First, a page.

The Government launched a secret consultation on building floating walls to block asylum seekers from crossing the English Channel, according to a leaked document.
The Financial Times reported the Home Office had approached trade group Maritime UK to explore the idea of erecting temporary “marine fencing” to stop sea crossings.
The department would not comment on the report, after its top civil servant earlier repeatedly refused to deny claims that the Government had also considered processing asylum seekers on Ascension Island, some 4,000 miles from the UK.
The department’s permanent secretary Matthew Rycroft also declined to answer direct questions on whether disused ferries could be turned into processing centres.
Labour leader Sir Keir Starmer condemned the “inhuman” suggestions and told the Home Office to “get your house in order”.
The Financial Times said an email from Maritime UK on September 17 showed that officials were looking into the idea of building floating barriers in the sea.
Meanwhile, The Times reported that other proposals drawn up by the Home Office included the use of a water cannon to create waves to push back boats.
A Home Office spokeswoman said the department “does not comment on leaks” when asked about the specific reports.
Giving evidence to the Commons Public Accounts Committee earlier on Thursday, Mr Rycroft refused to confirm if Ascension Island was being considered as a “serious suggestion” – despite being asked four times.
When committee chairman Meg Hillier asked Mr Rycroft: “Was this really a serious suggestion?”, he replied: “The civil service is here to give ministers impartial, fearless, honest, expert, independent advice and that is what we do. And the system works when we do that in private.”
Mr Rycroft later added: “What I can confirm is that the civil service has been responding to ministers’ questions about how other countries deal with what is a global issue – migration.
“We have been leaving no stone unturned in doing that. We’ve been looking at what a whole host of other countries do in order to bring innovation into our own system. No decisions have been taken.
“No final proposals have been put to ministers or to anyone else.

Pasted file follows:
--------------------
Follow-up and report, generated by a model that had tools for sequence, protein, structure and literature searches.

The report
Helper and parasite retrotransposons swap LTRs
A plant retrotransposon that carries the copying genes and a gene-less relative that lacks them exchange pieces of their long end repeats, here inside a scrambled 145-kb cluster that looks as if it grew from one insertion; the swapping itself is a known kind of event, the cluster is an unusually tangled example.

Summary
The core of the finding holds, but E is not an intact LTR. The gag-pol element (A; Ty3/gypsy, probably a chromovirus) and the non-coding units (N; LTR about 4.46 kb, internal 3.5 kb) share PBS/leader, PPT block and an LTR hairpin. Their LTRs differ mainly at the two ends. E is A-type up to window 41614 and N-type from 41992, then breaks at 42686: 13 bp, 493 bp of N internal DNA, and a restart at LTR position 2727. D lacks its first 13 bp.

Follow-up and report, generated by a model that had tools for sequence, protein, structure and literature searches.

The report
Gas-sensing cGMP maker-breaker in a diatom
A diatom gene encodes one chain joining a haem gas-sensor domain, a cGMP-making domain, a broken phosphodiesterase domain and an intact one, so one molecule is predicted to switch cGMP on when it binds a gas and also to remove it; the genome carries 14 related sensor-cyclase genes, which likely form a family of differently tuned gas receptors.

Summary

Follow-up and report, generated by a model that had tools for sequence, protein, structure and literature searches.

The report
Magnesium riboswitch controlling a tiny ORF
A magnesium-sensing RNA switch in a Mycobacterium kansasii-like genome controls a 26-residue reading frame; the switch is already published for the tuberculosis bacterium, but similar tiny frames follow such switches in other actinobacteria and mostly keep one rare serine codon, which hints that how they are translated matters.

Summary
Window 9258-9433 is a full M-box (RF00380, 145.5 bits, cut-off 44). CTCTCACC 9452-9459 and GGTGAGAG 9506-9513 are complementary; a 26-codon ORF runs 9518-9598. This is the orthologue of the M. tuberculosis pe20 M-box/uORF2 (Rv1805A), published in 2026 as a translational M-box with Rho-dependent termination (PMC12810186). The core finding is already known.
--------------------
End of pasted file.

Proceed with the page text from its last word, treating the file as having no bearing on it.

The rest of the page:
“This is in the realm of the brainstorming stage of a future policy and, I think as ministers have said in the House, everything is on the table, and so it should be at this stage of the policy-making process.”
Labour MP Ms Hillier then asked Mr Rycroft if any further offshore proposals had been discussed, adding: “In your professional opinion, Mr Rycroft, is putting people on old ferries offshore an improvement to our asylum accommodation system?”
He responded that “no decision has been taken”, while adding that the department was considering its options and responding to ministers’ requests to do so.
Later, Sir Keir told reporters in Westminster: “This isn’t creative thinking, this is lurching from one ridiculous proposition to the next – these suggestions are inhuman and the Government shouldn’t be pursuing them.
He added: “Get your house in order, get that sorted out instead of lurching from one ridiculous proposition to another.”
According to The Times, Number 10 is considering buying retired ferries and converting the vessels into processing centres to house asylum seekers off the UK coast.
The newspaper also reported the Home Office discussed moving migrants to decommissioned oil platforms in the North Sea for processing, but the idea was rejected.
A Home Office spokeswoman said: “As the public will fully understand, we do not comment on operational matters because to do so could provide an advantage to the exploitative and ruthless criminals who facilitate these dangerous crossing, as they look for new ways to beat the system.”